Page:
The Department hosted a visit from Dr. Harold Mytum, Department of Archaeology, Classics, and Egyptology and Director of the Centre for Manx Studies at the University of Liverpool. Harold is collaborating with Dr. Jennifer Birch, Department of Anthropology, UGA, supported by a UGA- Liverpool faculty exchange sponsored by the Office of International Education. Jennifer visited the University of Liverpool earlier in the semester.
Harold’s research interests concentrate on the archaeology of western Britain and Ireland from the Iron Age to the present, and aspects of global historical archaeology (17th-20th centuries), including linking research about the past with heritage issues in the present. He led students from the Departments of Anthropology and Classics through an experiential learning exercise in monument recording in the Old Athens Cemetery. Harold also gave a talk entitled When People Became Part of History: Material evidence for the Application of Linear Time in the British Isles and North America as part of the Department of Anthropology’s Speakers Series.
Harold said: “We first met at a conference session concerned with Biographies of Enclosure as my research on later prehistoric forts defined by timber palisades and earthworks coincided with Jennifer’s interests in palisaded Iroquoian settlements. However, we discovered that we both had a strong interest in the pedagogy of field training and decided that a collaborative approach to delivering this would be worthwhile. This exchange programme provides a vehicle for us to meet each other and academic colleagues in both institutions to frame a robust and reflexive study of current field training to further enhance student learning. We particularly want to emphasise the links between professional practice, student experiences, and the development of skills suited for a variety of careers including but not exclusively those within archaeology and heritage.”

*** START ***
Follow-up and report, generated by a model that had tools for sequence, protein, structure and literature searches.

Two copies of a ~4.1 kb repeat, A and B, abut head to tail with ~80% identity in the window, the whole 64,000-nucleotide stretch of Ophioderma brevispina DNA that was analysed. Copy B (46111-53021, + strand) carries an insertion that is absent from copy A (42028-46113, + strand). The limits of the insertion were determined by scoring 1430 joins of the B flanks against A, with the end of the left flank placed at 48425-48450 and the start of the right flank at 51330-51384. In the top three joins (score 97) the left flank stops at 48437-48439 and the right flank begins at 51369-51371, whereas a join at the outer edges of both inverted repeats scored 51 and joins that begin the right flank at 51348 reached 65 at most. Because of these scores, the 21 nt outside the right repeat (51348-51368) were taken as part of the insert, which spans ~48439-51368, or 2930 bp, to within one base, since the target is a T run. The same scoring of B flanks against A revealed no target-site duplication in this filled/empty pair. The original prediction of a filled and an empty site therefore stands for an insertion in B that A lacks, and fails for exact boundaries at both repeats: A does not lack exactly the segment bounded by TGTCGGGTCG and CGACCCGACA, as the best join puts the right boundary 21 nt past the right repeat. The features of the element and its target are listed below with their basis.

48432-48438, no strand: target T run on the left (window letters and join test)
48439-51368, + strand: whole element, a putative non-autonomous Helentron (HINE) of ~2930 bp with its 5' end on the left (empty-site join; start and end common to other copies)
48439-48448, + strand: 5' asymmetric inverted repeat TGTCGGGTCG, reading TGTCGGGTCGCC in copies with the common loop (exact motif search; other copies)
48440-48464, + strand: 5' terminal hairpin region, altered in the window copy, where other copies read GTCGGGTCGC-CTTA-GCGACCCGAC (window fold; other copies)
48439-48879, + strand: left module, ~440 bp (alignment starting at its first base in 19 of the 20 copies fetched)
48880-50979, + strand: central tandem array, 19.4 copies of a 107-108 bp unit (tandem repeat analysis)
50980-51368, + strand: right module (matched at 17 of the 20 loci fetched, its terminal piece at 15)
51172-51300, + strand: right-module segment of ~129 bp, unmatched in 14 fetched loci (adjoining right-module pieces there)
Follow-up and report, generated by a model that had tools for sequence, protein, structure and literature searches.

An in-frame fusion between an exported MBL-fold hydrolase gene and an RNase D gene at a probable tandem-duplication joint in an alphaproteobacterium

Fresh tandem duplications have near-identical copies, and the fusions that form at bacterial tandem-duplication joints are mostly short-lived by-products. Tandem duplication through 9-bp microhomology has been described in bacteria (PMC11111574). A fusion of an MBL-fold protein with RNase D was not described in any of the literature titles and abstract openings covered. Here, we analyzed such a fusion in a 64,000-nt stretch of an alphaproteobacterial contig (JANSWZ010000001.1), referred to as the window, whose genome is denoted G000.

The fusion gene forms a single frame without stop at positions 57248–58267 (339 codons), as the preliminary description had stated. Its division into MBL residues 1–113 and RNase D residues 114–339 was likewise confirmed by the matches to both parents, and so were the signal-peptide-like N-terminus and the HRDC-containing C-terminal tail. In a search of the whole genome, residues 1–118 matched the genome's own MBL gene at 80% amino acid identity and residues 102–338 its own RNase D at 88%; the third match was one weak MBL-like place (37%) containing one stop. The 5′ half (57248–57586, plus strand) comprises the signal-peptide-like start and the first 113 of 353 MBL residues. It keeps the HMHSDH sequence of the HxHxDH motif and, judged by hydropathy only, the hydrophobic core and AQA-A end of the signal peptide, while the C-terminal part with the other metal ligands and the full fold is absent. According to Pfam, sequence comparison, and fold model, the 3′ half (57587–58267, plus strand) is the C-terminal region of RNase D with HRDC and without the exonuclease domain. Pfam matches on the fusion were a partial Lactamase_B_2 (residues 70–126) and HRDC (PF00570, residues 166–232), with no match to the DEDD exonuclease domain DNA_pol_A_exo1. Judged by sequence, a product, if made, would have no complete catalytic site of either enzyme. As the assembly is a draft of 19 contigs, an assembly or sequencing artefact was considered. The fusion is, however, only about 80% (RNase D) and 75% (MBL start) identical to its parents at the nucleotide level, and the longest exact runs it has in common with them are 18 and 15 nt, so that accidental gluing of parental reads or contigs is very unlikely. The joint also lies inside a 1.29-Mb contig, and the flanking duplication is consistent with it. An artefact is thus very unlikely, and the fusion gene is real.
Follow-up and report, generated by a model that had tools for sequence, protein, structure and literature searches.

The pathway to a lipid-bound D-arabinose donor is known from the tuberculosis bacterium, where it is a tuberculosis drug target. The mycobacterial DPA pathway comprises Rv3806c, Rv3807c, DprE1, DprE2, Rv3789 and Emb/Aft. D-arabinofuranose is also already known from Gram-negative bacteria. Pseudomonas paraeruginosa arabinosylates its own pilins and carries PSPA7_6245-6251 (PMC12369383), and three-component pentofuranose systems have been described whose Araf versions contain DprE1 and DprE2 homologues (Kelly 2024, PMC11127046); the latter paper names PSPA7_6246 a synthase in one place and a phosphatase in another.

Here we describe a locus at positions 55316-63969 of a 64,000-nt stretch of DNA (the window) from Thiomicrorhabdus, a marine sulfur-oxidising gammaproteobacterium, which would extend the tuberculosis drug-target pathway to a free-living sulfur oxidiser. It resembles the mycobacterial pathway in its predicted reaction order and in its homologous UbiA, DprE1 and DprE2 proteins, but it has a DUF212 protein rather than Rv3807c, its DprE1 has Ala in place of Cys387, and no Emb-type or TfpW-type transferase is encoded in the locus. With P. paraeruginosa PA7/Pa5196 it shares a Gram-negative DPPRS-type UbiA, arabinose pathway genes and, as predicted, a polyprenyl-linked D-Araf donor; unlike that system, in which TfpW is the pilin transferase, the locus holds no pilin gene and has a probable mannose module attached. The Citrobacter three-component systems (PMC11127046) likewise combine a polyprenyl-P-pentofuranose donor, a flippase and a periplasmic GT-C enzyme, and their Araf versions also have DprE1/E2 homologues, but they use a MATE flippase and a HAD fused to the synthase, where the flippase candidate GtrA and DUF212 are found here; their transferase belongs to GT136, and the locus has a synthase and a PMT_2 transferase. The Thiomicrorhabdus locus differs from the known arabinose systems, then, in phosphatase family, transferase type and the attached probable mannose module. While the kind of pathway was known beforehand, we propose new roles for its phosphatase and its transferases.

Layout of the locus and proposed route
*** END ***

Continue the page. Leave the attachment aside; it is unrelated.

Jennifer comments that: “We are arguing that the process of authentic assessment and its impacts on perceptions of teaching and learning are central to our approach. We view the outputs of this project as encouraging reflexivity on the part of both students and instructors regarding student learning outcomes.”
Harold and Jennifer consider that most field directors and instructors would agree that whilst field schools teach discipline-specific knowledge as well as broadly-relevant competencies, it is unclear from published studies how these objectives are tied to assessment and reflection during the field-school training process. We will be exploring the integration of these objectives within our redesigned student fieldwork. Trial evaluation will be taking place this summer at Norton Priory near Liverpool, and in Georgia with North American students from Athens and elsewhere. After this, a more wide-ranging data-collecting project will consider the varied objectives and outcomes across a larger sample of international field schools.